“Kev’s professor gave it to him on his first day of college,” Baptiste remembers. “He listened to it, and he really loved it, and it really inspired him to think outside the box. And he sent it to me, and it did the same. And it’s something we still listen to today.”

Boundary-Defying Black Violin Blends Classical, Hip-Hop, Rock and More

Originally, their goal was to be producers like The Neptunes – the famed production group featuring Pharrell Williams – but their performances caught on with audiences. They surprised venue owners in south Florida who were leery of booking classical musicians at dance clubs.

Their big break came in 2005, when they won “Showtime at the Apollo” — the legendary talent competition at the Apollo Theater in Harlem.

Since then, they’ve opened for or collaborated with everyone from Kanye West, Alicia Keys, Wu-Tang Clan and Wyclef Jean to Tom Petty, Aerosmith and Mike Shinoda of Linkin Park.

They’ve played at the South By Southwest and Bonnaroo festivals. They composed the score for the Fox TV show “Pitch.”

And they performed at President Barack Obama’s second inauguration, in 2013.

Baptiste’s favorite collaborator?

“I think Mike Shinoda of Linkin Park. And Alicia Keys,” he says. “They’re both incredible. And everyone else really showed a lot of love. Alicia Keys, we sat and talked to her and she’s really humble. And Linkin Park showed us how millionaires who have sold a lot of records should treat people.”

But who was he the most starstruck over?

“None of them,” Baptiste says. “I was actually the most starstruck when I met Earth, Wind & Fire. I’ve been a fan of them for a long time. When I met them at the Billboard Awards, I was like, ‘Yo, that’s crazy. Earth Wind & Fire.’”

Boundary-Defying Black Violin Blends Classical, Hip-Hop, Rock and More

Fair enough. But who would he pick if he could have only one artist’s music on his phone for the rest of time?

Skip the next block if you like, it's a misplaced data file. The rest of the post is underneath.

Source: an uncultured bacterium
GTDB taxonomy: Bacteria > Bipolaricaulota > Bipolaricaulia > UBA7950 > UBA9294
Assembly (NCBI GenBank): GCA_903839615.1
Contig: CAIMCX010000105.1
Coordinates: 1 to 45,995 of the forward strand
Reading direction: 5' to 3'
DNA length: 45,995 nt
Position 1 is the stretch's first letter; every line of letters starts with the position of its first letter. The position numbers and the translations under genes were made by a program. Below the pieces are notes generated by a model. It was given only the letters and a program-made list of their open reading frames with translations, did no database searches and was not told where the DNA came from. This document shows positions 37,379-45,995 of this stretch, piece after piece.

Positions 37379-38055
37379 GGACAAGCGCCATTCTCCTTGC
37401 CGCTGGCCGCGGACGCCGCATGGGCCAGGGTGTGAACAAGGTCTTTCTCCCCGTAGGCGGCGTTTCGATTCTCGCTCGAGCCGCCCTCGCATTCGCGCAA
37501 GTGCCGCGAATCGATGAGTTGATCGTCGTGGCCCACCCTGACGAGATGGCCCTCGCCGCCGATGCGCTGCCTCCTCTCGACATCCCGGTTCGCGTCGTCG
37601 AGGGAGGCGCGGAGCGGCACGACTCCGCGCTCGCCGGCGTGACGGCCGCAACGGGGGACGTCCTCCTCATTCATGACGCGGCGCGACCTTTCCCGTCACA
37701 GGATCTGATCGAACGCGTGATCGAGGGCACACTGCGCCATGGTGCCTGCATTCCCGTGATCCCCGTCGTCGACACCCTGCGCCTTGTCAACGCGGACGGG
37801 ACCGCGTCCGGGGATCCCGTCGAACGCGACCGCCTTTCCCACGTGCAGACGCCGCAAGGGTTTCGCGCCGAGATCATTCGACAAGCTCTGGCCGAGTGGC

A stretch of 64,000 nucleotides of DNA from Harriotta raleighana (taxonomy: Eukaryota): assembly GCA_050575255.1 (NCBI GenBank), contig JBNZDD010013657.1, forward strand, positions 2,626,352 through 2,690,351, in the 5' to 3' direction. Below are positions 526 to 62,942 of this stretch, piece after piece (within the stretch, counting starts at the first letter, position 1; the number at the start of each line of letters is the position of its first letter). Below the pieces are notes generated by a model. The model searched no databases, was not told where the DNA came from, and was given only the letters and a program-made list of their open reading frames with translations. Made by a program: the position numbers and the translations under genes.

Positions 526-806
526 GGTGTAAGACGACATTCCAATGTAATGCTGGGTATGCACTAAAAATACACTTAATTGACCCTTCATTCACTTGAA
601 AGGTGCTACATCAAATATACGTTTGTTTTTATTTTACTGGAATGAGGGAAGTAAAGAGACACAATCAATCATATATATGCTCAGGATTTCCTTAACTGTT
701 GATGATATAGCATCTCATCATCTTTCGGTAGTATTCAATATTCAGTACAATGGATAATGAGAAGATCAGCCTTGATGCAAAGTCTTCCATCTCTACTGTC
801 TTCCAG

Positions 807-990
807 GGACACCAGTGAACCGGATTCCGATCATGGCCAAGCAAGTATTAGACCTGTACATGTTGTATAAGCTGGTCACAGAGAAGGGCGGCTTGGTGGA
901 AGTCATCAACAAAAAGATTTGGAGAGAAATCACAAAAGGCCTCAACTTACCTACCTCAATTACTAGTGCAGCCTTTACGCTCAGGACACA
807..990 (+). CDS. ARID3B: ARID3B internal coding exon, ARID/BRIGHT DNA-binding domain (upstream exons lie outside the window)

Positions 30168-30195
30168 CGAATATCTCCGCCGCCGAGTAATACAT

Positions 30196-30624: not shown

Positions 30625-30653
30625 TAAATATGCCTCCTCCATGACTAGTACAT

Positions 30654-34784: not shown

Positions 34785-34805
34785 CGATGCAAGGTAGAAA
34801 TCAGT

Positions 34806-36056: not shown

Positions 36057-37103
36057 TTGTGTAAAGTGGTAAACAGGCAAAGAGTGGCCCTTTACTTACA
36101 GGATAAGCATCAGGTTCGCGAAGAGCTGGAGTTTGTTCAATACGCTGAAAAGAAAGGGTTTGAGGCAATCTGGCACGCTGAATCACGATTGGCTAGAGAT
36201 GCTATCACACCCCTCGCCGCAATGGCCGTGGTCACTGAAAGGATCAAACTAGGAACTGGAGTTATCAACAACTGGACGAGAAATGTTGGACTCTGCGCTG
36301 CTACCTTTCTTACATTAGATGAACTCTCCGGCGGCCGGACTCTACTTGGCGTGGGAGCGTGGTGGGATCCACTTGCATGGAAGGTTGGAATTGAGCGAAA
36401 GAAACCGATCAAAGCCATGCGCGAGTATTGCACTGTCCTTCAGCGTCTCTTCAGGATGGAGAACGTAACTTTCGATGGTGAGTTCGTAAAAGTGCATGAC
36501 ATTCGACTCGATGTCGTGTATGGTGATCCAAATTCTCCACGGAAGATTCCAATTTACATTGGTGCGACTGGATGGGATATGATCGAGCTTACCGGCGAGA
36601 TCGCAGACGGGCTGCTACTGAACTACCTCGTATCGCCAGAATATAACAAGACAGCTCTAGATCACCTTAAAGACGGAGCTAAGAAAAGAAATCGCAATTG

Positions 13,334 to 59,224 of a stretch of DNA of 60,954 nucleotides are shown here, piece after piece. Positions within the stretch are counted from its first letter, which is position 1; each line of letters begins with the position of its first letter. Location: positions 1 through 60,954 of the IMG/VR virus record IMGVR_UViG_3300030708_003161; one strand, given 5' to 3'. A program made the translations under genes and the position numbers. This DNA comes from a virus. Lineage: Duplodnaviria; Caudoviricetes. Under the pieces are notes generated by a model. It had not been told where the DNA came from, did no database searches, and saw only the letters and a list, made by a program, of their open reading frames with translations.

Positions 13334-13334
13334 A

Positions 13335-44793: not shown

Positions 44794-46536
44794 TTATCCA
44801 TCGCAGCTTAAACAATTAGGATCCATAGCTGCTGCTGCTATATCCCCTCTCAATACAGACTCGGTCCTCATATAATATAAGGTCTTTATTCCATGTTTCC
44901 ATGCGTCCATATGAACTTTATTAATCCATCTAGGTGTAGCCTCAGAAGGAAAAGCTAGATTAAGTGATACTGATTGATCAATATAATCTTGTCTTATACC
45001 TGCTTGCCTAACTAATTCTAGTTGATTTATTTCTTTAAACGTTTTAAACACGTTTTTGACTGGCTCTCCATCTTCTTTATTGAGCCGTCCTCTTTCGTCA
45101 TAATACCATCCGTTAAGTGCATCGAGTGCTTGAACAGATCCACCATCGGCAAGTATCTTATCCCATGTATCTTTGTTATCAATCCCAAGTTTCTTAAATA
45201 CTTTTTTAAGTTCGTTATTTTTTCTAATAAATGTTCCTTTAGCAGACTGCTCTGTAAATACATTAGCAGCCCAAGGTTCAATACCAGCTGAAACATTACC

“Wow,” Baptiste says when asked. “I would have to choose — oh, this is difficult. I’d say Curtis Mayfield.”

Black Violin average about 150 shows a year, touring with DJ SPS and drummer Nat Stokes. This week, they’re playing back-to-back shows at the venerable Kennedy Center in Washington, D.C.

Baptiste said New Jersey audiences next week can expect a “high-energy show.”

“It’s a lot of fun,” he says. “We encourage the crowd to get up and dance. There’s highs and lows in the show. Just expect the unexpected. Whatever you think you’ve seen from videos online, trust me: It doesn’t do it justice. If you want to experience something completely different, this is the show for you.”

The duo is also in the studio now working on a new album. A release date is yet to be determined.

Baptiste says there’s another thing he’s proud of: Drawing in people who might not otherwise listen to classical music.

“Particularly kids,” he explains. “They’re into classical now. Actually, they’ll pick up the violin because of us and how we approach it. It’s really incredible to see how something you think is this way, but when you see us introduce it another way, you look at it completely different, and it opens up this world.”

So does he ever wish he actually got to play saxophone all those years ago?

“No,” Baptiste says bluntly. “Absolutely not. I play a lot of different instruments, but I still haven’t picked up the sax.”

Black Violin will perform at bergenPAC on Wednesday, April 11, and at State Theatre New Jersey on Thursday, April 12. Visit their sites for tickets and more information.

Boundary-Defying Black Violin Blends Classical, Hip-Hop, Rock and More

About the author: Brent Johnson is a pop-culture-obsessed writer from East Brunswick, N.J. He's currently a reporter for The Star-Ledger of Newark. Before that, he was a longtime entertainment and music columnist for The Trenton Times. His work has also been published by Rolling Stone, Sports Illustrated On Campus and Night & Day Magazine. His favorite musical artists: Elvis Costello, Billy Joel, The Smiths, Roxy Music, Dave Matthews Band, The Beatles, Blur, Squeeze, The Kinks. When he's not writing, Brent is the lead singer in alt-rock band The Clydes

Content provided by Discover Jersey Arts, a project of the ArtPride New Jersey Foundation and New Jersey State Council on the Arts.